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For more than 10 years, my job as a homecare provider has been to take care of people — older people and people with disabilities — who need help taking care of themselves. In 2013, because I didn’t have health insurance, I became one of those people.

The first sign that I was sick came when I kept getting tired. While home health care is certainly a demanding job, this was different. I was coming home completely spent.

It turns out that I was tired for a reason — I had fibroids and I needed treatment. I went to the doctor, but because I didn’t have insurance, they told me that I needed “a whole lot of money to have the surgery,” and that my best bet was to wait until Obamacare kicked in. But the delay came with a warning that my lack of treatment would make me sicker, and it did.

Then in 2014, I was diagnosed with cancer. Doctors told me that it was stage 1, and the remedy was surgery, followed by two weeks of chemotherapy and five weeks of radiation treatment.

Thankfully, once I was able to finally get insurance through the Affordable Care Act, which extended Medicaid to 650,000 people and provided coverage to 300,000 others in Michigan, I received the treatment that I needed. Without it, I’d probably be dead.

But the insurance that allowed me to go to the doctor and get treatment for a life-threatening illness would have been taken away from me and millions of others like me and my clients — namely working people earning low to moderate incomes, older people, and people with disabilities. Until last week, Republicans in Congress and President Trump were pushing a controversial plan to replace the Affordable Care Act that would potentially take insurance away from 24 million people across the country, making it harder for them to go to the doctor even when they are sick.

On top of that, those who are the sickest would have to pay a lot more. Their plan called for people with preexisting conditions who had to go without insurance coverage to either pay a higher rate or be denied altogether. With this change, I would be back to square one because it could price me out of being able to see a doctor, again.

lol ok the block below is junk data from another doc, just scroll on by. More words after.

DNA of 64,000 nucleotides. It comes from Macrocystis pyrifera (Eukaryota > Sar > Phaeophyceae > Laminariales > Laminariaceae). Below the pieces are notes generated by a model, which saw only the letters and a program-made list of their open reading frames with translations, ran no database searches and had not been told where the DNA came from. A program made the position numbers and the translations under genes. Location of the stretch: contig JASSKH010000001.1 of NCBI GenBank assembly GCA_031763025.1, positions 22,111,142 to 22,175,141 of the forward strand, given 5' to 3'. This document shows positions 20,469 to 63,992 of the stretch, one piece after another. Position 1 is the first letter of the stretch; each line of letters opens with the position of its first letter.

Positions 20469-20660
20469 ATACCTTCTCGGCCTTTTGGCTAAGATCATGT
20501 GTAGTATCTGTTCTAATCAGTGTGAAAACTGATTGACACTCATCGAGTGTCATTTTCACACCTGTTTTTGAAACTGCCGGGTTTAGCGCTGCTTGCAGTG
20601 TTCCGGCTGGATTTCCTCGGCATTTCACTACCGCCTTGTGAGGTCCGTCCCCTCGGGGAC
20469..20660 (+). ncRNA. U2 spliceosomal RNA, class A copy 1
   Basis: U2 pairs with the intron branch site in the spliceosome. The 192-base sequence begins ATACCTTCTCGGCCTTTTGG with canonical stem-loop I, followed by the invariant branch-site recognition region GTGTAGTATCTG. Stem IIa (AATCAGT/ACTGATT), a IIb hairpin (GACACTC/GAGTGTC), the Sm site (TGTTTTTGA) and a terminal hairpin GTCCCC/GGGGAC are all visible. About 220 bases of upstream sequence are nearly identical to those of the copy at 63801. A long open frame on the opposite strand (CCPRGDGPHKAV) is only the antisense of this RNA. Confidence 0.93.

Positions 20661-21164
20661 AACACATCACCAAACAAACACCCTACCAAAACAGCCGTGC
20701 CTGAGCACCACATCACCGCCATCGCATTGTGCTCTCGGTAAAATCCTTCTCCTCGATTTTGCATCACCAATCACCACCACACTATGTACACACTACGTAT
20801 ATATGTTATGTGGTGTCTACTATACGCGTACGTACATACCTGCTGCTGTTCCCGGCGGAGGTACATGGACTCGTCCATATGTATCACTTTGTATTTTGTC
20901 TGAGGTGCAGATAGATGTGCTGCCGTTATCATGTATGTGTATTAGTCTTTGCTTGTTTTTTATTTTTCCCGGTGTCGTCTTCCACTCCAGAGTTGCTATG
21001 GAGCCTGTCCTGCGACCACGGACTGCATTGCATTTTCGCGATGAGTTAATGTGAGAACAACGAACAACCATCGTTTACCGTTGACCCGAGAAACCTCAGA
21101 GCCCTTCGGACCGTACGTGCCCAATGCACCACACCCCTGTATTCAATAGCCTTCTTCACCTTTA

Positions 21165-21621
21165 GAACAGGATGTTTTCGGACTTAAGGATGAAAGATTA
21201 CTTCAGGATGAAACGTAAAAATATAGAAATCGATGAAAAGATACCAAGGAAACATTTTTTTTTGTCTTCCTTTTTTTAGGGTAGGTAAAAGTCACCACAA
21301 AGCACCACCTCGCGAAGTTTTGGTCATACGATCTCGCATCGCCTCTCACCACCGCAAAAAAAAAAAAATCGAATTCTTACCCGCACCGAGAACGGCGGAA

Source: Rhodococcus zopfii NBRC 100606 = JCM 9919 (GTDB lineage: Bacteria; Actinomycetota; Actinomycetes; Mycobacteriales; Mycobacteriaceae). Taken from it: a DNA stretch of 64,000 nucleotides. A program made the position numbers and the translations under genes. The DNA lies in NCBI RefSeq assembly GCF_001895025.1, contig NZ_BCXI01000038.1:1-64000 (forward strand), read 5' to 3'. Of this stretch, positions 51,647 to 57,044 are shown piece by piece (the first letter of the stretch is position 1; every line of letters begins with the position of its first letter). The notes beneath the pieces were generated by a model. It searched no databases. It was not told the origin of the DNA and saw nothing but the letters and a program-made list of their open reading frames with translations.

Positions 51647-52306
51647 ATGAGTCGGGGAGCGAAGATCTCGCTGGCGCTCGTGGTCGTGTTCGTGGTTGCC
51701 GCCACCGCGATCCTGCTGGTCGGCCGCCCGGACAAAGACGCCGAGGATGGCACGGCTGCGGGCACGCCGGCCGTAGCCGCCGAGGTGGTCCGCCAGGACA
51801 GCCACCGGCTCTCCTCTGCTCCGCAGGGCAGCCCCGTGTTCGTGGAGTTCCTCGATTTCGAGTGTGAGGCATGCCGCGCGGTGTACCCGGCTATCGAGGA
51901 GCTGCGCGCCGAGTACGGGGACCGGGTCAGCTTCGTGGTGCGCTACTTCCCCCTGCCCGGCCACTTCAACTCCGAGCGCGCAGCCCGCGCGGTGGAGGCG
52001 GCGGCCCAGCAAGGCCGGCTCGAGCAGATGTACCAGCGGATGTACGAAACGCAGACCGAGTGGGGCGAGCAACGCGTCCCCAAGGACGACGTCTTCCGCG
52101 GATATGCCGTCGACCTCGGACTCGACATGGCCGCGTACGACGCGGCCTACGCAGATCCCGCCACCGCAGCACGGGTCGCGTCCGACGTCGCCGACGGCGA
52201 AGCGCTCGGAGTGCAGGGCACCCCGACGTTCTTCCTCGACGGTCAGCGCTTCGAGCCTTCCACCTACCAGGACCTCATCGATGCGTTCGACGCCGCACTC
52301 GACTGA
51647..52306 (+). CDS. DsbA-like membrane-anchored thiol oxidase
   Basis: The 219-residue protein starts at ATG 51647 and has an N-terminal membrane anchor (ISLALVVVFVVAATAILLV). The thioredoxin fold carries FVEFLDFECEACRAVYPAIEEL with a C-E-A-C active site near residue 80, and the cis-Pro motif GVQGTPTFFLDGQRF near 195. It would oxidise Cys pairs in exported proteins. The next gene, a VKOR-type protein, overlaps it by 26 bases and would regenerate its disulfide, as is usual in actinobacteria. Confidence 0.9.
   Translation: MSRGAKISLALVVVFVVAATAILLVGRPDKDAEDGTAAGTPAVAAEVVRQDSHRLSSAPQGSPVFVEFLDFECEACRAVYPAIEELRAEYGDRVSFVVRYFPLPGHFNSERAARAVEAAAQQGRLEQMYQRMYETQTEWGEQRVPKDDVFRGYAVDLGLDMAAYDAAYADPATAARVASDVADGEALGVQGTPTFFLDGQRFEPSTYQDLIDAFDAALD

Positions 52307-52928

Health care is something that should unite all of us — we all need to be healthy to lead good lives and all of us should be able to go the doctor when we are sick. But this approach divides us and puts lives at risk.

It’s so important that we have the Affordable Care Act, not just to go to the hospital in an emergency, but to be able to go to the doctor on a regular basis, just as I’m able to now. My health is looking much better so far. I’m feeling good and I go back for my check-up later this year. But I don’t know what the future holds.

It would be a shame if they get rid of the Affordable Care Act because I know there must be more women out there like me and the idea of being sick and not being able to see a doctor is scary. That’s why I will be contacting members of Congress to share my story so that we can continue to work on improving health care for everyone. I hope others in Michigan will join me in raising their voices, too, because their lives may depend on it.

Elaine Pope is a homecare worker in Detroit.

Labor Voices

Labor Voices columns are written on a rotating basis by United Auto Workers President Dennis Williams, Teamsters President James Hoffa, Michigan AFL-CIO President Ron Bieber and Michigan Education Association President Steven Cook.

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